Not Speaking Spanish Doesn’t Make Laurie Hernandez Less Of A Boricua

Famed gymnast Laurie Hernandez is unstoppable. At 16-years old, she was the youngest gymnast (and one of the few Latinx athletes) to go to Rio with #TeamUSA to compete in the Olympics, sprung back from a knee injury earlier this year by placing in third at Women’s P&G Gymnastics Championships, and boasts an impressive collection of medals. Despite her impressive career, there is just one area where the young Latinx athlete draws severe public criticism: her “authenticity” as a Puerto Rican.

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In an piece penned by Sarina Morales at The Undefeated, the journalist recalls an interview in which she asked what backlash Hernandez experienced since becoming the first Latinx born woman and first Puerto Rican woman to compete with Team USA since 1984.

“Well, there was one where — ’cause I don’t speak Spanish. I mean — my mom didn’t really teach me Spanish when I was younger. She wanted to make sure that my English was perfect. Because she had told me once when she was learning language arts she was confusing the Spanish with the English. And she said, ‘I just wanted you to have perfect grammar.’ And — I have perfect grammar,” Hernandez said.

Hernandez then disclosed to Morales that she was criticized for not speaking Spanish, and the tone of the criticism was, in her words, “fake Puerto Rican.”

“The unfortunate reality for Hispanics in the United States is that our identity is constantly being measured by standards that have nothing to do with cultural reality,” Morales explained. “The dividing factor here is language. As a kid, my dad was made fun of for not speaking English when he came to New York from Puerto Rico with my grandparents. So for my father, his intention in raising me and my sister was to make sure that wouldn’t happen to us.”

Although Spanish itself is a colonial language forced upon the Indigenous and African populations in the Americas, it became a distinct marker of difference as immigration to the United States flourished in the 1920s, particularly from Puerto Rico, which is still in a colonial state.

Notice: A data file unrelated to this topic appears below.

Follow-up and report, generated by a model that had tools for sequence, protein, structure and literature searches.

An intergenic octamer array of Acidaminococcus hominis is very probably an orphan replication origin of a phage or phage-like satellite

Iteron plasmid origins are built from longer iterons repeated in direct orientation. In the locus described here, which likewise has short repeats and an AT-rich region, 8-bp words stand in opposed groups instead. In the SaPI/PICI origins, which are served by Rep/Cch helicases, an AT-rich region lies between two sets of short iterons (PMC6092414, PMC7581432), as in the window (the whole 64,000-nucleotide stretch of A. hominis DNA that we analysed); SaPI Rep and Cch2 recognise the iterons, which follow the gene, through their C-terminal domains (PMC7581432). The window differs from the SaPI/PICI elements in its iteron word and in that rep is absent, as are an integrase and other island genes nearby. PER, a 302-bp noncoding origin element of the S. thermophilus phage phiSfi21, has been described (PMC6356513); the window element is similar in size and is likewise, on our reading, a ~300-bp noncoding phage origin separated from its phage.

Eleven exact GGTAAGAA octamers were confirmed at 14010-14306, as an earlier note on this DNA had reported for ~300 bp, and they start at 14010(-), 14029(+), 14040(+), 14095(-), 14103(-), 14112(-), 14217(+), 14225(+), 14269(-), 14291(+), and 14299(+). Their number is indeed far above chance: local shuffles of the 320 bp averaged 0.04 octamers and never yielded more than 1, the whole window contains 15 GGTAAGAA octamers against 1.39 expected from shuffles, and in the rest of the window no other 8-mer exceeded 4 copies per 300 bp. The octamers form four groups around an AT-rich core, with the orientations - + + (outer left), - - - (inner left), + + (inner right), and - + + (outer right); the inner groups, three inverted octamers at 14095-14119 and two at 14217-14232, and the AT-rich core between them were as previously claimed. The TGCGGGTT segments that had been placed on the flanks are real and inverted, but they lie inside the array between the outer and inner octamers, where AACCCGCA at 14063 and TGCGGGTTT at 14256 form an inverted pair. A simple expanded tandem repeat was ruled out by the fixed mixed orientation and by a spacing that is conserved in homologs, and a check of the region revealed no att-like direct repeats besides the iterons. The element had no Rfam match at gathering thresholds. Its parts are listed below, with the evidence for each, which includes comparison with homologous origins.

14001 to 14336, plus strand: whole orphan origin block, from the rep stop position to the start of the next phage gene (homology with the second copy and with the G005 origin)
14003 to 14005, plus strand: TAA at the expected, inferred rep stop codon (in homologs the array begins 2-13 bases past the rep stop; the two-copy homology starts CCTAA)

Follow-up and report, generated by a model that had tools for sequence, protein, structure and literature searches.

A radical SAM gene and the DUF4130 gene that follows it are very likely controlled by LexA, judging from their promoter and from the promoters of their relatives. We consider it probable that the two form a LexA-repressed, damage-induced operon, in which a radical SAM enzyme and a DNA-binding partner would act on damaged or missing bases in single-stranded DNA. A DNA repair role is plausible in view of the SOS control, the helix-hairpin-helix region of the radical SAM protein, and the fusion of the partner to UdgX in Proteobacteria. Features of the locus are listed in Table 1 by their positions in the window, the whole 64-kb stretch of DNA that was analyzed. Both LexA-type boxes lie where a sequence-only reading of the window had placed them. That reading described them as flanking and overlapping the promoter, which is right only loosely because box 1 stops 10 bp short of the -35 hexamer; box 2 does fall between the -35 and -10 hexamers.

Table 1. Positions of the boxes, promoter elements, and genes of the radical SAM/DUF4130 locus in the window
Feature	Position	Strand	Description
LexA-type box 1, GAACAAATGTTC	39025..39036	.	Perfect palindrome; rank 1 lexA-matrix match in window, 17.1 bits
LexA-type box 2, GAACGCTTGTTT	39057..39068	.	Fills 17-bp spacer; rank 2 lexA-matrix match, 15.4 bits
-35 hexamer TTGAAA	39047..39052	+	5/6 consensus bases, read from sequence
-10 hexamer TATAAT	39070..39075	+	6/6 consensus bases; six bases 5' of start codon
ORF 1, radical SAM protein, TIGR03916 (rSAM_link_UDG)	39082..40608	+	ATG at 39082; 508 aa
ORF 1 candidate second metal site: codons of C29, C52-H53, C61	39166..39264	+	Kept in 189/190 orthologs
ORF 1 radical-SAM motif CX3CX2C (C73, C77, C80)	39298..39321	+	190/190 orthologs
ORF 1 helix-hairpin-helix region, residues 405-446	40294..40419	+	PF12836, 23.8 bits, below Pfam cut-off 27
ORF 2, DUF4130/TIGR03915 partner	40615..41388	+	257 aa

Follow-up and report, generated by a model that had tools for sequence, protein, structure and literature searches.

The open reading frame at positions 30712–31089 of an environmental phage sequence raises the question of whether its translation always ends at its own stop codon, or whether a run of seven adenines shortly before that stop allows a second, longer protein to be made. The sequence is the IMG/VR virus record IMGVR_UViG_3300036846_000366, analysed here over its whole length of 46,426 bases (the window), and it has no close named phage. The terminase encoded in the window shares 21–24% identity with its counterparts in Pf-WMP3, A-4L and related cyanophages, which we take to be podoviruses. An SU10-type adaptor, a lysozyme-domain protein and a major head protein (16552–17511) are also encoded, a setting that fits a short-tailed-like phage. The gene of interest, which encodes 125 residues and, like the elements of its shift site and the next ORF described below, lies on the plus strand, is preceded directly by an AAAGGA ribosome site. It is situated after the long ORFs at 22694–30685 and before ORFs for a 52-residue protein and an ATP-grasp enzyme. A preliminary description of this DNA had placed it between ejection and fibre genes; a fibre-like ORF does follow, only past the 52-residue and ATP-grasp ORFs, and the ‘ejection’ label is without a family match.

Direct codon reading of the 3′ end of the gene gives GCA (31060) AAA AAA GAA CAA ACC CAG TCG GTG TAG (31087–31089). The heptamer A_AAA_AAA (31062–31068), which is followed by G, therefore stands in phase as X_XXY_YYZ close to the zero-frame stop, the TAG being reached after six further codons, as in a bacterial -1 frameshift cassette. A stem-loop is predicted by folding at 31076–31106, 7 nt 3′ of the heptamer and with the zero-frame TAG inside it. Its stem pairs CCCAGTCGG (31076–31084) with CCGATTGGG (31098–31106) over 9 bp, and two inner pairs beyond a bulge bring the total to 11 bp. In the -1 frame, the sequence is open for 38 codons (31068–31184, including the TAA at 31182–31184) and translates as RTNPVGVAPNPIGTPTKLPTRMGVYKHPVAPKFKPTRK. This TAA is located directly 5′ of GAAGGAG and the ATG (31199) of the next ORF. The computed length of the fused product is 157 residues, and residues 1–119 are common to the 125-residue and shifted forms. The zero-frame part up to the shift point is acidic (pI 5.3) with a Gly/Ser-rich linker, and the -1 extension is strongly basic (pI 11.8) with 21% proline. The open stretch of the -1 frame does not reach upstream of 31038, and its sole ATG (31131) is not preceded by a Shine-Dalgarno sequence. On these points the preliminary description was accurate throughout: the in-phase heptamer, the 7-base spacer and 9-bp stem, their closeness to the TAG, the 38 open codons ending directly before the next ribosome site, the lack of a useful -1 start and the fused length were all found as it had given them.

Assimilation into American culture was necessary for access and acceptance, particularly for English as second-language speakers. Being able to speak Spanish is traditionally a way for immigrants and their descendants to maintain their cultural connection to their homeland as well as challenge the dominance of the English language in America. Young Latinx millennials find themselves in vulnerable positions, due to the fact that being U.S.-born, they are never fully seen as citizens or integrated into the fabric of America.

The additive of Hernandez being a woman further adds dimension to Hernandez’s chastisement; black and Latinx women are unduly placed under harsher scrutiny for their bodies and representations of their communities. As a group, they are expected to be the carriers of culture, especially mocked if they deviate from what are considered to be cultural norms. Fellow Olympic teammate Gabrielle Douglas was harassed for being un-American after not putting her hand over her heart, her hair, and other aspects of her physical appearance.

READ: Boricua Pride Shines In NYC, But ‘War Against All Puerto Ricans’ Continues

While embracing Spanish has become an act of resistance in response to assimilation, Morales urges the audience to widen their perceptions of Puerto Rican identity within the context of U.S. history and expand the narrative of what it means to be a Latinx woman in today’s society.

“There’s nothing fake about Hernandez. She’s as real as that gold medal around her neck.”